Oh for God’s sake, not now, she thought. She could just let it go, ignore it. But what if it was the call? “Hello?”
“Is this Colleen Kerrigan?”
Colleen walked back into the kitchen. She recognized Carol’s voice. Carol was the nice nurse and from her tone this was just one of those calls, not the call. “Hi, Carol.”
“Your mother is here, Ms. Kerrigan, and she’d like to talk to you if you have a minute.”
“Well, she just wants to talk to you.”
And Colleen knew what that meant. She picked up the club soda bottle and took another swig. “Put her on.”
Pause, and her mother’s voice in the background, the words unintelligible, only that awful, curt irritation.
“Hi, Mum. I don’t have much time. I have to go to work. How are you?”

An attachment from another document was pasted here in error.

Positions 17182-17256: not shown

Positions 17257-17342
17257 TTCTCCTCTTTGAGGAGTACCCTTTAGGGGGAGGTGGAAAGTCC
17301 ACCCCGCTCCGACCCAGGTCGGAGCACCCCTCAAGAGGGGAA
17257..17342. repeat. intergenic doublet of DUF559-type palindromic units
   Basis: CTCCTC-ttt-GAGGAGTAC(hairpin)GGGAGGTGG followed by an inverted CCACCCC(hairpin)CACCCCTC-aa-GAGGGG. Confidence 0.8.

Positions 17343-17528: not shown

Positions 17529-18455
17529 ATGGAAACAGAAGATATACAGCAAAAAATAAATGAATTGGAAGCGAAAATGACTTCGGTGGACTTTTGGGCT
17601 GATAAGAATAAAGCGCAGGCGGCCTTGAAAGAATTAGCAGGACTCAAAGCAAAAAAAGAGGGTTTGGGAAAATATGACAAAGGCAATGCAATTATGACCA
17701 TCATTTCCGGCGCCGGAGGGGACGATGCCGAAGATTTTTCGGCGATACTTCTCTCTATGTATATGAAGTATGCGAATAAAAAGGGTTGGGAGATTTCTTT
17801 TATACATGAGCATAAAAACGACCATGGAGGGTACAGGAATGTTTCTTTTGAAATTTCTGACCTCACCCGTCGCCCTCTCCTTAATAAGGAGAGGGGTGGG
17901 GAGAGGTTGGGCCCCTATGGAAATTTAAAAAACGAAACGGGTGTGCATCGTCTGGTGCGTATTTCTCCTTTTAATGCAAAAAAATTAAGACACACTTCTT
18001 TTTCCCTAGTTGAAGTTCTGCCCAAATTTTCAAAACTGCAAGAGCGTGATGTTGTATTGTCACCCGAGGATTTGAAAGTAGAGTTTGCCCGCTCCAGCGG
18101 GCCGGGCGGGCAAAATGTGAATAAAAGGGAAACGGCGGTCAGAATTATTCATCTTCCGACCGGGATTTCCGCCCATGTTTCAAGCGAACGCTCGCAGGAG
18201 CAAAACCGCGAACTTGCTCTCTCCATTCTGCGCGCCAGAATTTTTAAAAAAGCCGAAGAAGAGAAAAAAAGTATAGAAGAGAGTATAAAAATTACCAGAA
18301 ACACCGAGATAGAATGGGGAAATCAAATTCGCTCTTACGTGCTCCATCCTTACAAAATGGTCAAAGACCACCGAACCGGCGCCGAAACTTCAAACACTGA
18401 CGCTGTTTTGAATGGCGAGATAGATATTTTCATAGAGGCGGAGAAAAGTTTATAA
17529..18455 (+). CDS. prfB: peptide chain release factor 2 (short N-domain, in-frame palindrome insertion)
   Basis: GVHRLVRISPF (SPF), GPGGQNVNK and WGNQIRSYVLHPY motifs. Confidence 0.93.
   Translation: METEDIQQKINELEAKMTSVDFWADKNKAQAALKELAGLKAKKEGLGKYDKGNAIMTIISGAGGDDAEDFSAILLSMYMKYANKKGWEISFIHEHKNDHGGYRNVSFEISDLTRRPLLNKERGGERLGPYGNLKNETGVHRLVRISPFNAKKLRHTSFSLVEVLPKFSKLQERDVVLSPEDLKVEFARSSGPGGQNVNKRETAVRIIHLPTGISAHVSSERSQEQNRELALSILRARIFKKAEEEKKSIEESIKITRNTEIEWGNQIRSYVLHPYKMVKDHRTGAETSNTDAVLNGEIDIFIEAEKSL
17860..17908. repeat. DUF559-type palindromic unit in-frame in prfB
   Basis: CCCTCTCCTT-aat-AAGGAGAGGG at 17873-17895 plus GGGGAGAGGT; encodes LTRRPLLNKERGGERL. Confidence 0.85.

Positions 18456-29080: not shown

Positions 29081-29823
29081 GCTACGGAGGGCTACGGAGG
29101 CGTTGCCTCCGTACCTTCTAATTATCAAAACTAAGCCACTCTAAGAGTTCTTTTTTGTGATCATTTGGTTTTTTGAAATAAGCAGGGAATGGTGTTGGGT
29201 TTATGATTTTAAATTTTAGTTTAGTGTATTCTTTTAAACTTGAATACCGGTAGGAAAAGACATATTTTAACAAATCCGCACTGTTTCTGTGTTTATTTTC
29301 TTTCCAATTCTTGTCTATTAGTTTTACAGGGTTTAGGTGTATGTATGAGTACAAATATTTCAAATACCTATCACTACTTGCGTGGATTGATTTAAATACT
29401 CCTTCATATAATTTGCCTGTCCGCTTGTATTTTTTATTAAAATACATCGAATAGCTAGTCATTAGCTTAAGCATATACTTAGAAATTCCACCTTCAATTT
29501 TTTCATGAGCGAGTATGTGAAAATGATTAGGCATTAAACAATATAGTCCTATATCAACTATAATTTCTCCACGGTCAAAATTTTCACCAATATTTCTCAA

Of course. Colleen couldn’t remember the last time her mother had given a positive answer to that question. Even before the mini-strokes she suffered last spring, which destroyed whatever remained of her impulse control and most of her memory and forced her move into Spring Lake Place, Colleen’s mother had to have been the most negative person on the planet.
“What’s the matter?” It was an unwavering script.
“It’s horrible here. This woman, she comes in and takes the . . . candles . . . potatoes . . .things and I’ve told her not to. I don’t want anyone in my room.”
“I know, Mum, but she’s only taking your laundry.” The recurring laundry issue. Last week her mother had threatened to kill an aide over it—a threat that, with mother, one couldn’t completely discount.
“I don’t want them to take my things . . . my cake . . . the trolley . . .” The aphasia worsened when she was irritated. “Oh, I don’t know, I’m too tired. I don’t sleep.”